Constipation relief turns to grief!
What’s causing an elderly woman’s kidney failure?
Vol.17, No.02, March 2009

Mrs. L., a 72-year-old woman with an unremarkable medical history, save for a remote background of seizures, fell, hurt her back and came to the ER. She was diagnosed with a T11 compression fracture without any neurovascular compromise, and received Tylenol #3 for pain relief. A few days later, she returned with ongoing vague lower back and abdominal discomfort and was noted to be constipated. Tylenol #3 was stopped and she was given oral sodium phosphate (45 ml) to treat the constipation, plus naproxen 375 mg twice a day for pain control.

Three days later, she returns to the local emergency department (ED) complaining of generalized weakness, numbness around her lips, ongoing vague abdominal discomfort and nausea. She denies vomiting or diarrhea, however. Her food intake has been poor since the fall and she notes decreased urine output. There’s no history of diabetes or hypertension. Her medications are phenytoin, phenobarb and rabeprazole. She’s taken two doses of the naproxen prescribed three days before.

Investigations in the ED

Investigations in the local ED reveal low hemoglobin of 109 g/L, normal WBC of 4.5, elevated BUN of 9.4 mmol/L with serum creatinine of 345 μmol/L, serum potassium of 3.4 mmol/L. In December 2007, her BUN had been 6.1 mmol/L with serum creatinine of 74 μmol/L. She is transferred for further management of acute renal failure.

Physical examination shows a woman of stated age with mildly decreased skin turgor, blood pressure of 106/60 mm Hg without orthostatic changes, and regular rate of 72 BPM. Lungs are clear and heart sounds normal. Abdominal exam reveals a soft abdomen with mild diffuse tenderness without rebound. There are no masses, renal angle fullness or tenderness. There’s mild tenderness in lower thoracic area. There’s no pedal edema and a neurological exam is non-focal. She has a Foley catheter with a small amount of concentrated urine in the bag.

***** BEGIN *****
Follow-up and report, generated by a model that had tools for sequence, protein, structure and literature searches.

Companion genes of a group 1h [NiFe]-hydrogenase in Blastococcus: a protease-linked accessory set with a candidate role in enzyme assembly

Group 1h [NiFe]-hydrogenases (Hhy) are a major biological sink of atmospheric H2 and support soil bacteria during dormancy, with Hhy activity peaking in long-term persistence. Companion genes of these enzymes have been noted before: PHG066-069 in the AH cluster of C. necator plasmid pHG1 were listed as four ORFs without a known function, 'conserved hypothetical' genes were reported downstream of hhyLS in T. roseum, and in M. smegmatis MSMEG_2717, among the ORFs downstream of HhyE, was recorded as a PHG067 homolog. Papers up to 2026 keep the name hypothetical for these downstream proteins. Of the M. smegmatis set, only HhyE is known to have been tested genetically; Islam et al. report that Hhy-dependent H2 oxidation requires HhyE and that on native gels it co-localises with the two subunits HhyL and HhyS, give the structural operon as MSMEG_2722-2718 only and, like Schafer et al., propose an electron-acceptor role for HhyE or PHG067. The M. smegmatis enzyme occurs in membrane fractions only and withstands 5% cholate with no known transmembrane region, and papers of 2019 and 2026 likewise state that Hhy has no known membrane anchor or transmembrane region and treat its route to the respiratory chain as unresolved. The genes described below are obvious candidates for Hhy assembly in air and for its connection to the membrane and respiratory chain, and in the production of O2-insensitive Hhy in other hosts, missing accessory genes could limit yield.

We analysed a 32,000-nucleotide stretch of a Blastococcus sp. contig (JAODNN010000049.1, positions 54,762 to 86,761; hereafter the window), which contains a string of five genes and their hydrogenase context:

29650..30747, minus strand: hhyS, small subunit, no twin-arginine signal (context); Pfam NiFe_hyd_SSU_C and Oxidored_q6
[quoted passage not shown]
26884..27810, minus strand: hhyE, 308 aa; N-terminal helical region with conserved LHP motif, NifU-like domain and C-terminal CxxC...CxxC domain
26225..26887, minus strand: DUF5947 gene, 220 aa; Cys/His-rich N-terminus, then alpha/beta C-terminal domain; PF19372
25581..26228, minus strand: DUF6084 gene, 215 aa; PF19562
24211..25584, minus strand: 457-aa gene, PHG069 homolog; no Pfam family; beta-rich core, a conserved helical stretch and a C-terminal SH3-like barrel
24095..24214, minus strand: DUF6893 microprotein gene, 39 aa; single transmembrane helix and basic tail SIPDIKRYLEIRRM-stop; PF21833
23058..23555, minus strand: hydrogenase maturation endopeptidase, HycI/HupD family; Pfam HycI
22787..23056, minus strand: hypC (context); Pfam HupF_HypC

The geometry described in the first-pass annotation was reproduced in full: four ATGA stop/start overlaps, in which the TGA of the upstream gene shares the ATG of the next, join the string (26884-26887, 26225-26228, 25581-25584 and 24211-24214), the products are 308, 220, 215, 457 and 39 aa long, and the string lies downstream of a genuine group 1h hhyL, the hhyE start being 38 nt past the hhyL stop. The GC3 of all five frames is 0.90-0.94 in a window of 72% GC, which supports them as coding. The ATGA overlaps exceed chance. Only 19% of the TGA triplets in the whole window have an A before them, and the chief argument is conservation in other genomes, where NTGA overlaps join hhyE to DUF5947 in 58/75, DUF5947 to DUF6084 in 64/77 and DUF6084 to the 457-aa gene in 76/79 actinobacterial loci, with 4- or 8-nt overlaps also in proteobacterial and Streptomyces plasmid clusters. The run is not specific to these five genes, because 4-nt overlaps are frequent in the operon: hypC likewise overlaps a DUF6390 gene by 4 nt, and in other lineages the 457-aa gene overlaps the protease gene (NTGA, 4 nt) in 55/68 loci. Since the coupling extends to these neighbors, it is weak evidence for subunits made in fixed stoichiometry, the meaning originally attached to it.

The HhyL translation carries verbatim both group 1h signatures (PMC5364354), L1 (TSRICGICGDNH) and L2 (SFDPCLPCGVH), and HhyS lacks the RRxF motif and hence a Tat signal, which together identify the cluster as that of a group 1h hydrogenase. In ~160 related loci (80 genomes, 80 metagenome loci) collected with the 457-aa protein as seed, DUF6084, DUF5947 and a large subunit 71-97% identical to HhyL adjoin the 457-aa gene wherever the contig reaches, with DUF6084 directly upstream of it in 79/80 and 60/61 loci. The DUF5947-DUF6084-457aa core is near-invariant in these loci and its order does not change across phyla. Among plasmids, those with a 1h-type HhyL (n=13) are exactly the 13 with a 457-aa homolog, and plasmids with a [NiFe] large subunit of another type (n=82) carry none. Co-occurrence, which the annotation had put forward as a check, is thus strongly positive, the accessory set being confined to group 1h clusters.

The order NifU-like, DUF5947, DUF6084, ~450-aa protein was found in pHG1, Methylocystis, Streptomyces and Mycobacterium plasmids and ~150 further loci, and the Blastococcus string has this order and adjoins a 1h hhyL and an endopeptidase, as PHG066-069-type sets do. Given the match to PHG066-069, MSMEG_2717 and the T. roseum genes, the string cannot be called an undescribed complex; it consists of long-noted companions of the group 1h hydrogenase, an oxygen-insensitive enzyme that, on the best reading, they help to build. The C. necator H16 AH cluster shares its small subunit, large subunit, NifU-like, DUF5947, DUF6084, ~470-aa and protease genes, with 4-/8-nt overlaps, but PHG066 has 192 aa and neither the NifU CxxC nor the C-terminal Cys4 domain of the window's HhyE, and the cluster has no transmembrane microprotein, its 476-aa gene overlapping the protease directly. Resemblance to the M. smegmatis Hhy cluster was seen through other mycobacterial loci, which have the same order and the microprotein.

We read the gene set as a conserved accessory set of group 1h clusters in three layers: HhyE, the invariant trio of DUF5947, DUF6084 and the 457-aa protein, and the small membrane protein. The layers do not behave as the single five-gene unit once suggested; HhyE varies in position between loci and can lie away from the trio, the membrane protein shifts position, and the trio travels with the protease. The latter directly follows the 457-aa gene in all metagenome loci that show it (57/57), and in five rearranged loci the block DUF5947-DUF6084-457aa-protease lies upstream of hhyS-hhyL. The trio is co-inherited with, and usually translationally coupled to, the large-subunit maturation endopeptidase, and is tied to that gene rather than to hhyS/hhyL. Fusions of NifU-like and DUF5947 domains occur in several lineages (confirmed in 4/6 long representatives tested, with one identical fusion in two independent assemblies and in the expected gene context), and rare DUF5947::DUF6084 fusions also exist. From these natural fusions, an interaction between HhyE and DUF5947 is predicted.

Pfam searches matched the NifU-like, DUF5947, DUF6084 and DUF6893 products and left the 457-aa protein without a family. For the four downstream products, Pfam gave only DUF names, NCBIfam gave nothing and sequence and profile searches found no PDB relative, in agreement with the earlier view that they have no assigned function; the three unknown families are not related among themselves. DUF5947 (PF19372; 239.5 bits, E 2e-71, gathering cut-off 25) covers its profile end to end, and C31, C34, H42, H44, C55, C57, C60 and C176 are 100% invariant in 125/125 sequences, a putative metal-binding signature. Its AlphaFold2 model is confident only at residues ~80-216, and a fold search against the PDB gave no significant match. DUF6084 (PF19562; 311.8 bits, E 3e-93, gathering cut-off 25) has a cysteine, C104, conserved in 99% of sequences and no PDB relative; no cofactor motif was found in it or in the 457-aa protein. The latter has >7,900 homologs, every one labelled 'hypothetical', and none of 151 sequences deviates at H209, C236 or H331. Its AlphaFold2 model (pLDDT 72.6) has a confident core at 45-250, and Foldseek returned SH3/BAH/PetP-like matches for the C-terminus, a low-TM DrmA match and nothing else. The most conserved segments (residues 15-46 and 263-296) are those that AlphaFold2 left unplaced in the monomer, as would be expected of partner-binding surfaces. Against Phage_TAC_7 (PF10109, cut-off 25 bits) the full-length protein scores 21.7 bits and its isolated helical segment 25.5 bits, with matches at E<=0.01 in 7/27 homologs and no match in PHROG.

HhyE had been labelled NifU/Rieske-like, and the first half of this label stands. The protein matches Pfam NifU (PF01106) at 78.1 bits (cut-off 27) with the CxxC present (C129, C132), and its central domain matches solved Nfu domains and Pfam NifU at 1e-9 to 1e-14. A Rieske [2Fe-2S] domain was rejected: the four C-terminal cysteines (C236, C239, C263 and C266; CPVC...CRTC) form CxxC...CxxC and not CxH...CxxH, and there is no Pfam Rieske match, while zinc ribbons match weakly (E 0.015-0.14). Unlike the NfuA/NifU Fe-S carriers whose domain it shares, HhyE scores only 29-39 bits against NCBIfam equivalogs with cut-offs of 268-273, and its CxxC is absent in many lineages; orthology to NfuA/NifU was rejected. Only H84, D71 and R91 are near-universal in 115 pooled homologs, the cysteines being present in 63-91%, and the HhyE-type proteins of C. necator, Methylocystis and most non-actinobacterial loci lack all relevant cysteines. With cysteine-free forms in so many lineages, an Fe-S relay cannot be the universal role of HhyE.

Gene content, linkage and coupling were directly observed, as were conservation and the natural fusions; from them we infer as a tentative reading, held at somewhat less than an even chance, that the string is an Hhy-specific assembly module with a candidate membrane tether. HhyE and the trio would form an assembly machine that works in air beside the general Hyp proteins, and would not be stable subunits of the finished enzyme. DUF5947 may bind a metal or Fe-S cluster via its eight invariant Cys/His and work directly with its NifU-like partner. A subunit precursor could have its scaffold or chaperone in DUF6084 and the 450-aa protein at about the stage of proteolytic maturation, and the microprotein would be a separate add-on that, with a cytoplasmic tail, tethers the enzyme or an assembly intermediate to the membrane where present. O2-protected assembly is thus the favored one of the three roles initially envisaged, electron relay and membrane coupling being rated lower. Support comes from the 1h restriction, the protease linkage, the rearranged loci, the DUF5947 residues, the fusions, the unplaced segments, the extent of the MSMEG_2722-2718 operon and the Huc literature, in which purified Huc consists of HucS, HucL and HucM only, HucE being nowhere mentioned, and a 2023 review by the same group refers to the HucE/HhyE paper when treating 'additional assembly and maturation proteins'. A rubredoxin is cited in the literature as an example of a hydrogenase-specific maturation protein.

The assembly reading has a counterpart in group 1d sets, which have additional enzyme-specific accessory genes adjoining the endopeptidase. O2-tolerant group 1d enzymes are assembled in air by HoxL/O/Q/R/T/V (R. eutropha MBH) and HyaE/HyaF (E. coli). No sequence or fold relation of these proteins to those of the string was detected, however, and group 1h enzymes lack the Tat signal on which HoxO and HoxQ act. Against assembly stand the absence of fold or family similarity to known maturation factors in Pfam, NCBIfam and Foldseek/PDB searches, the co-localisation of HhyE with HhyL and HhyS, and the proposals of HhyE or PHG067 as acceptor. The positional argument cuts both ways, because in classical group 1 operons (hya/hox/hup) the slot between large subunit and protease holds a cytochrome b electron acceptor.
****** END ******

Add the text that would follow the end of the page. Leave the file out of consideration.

The investigations in our ED reveal a low hemoglobin of 112 g/L, normal WBC of 4.9, elevated BUN of 9.4 mmol/L with serum creatinine of 419 μmol/L, serum potassium of 3.4 mmol/L, low serum calcium of 1.85 mmol/L (normal range 2.02-2.60 mmol/L) with serum albumin of 36 g/L, low ionized calcium of 0.85 mmol/L (normal 1.15-1.29 mmol/L), elevated phosphate of 3.68 mmol/L (normal 0.87-1.45 mmol/L) and creatinine kinase (CK) of 349.

Urinalysis shows concentrated urine with specific gravity of >1.030, 1+ protein and trace of blood with few white and red blood cells and few hyaline casts. Random urine sodium is 64 mmol/L. A urine culture is negative. An abdominal ultrasound next morning is unremarkable and shows normal size kidneys with some increased echogenicity. There’s no obstruction.

What is the cause of Mrs. L.’s acute renal failure?

Acute phosphate nephropathy

Mrs. L. presents with acute renal failure following a fall a few weeks prior. Oral intake has been poor for the past few weeks with ongoing nausea.

The patient received oral sodium phosphate solution for constipation and is noted to have decreased skin turgor, hyperphosphatemia, hypocalcemia and slightly elevated CK, in addition to acute renal failure. The urine sodium isn’t low. The differential diagnosis includes ischemic acute tubular necrosis (poor intake, not low urine sodium), or rhabdomyolysis because of elevated phosphate and CK (although CK is not significantly elevated at present, we might be seeing its tail end, as she presents two weeks after the fall).

The development of significant hyperphosphatemia and hypocalcemia with acute renal failure — within 72 hours of oral administration of sodium phosphate solution — indicates a high probability of acute phosphate nephropathy from deposition of calcium-phosphate crystals in the renal parenchyma (nephrocalcinosis). A kidney biopsy confirms findings of acute phosphate nephropathy with acute tubular necrosis. Her creatinine progressively increases to 620, requiring transient supportive dialysis. It took about 10 days for her renal function to recover.

Call for vigilance

This case report describes a phenomenon now being commonly recognized. It highlights the need for vigilance when using oral sodium phosphate solutions for bowel preparation or to relieve constipation.


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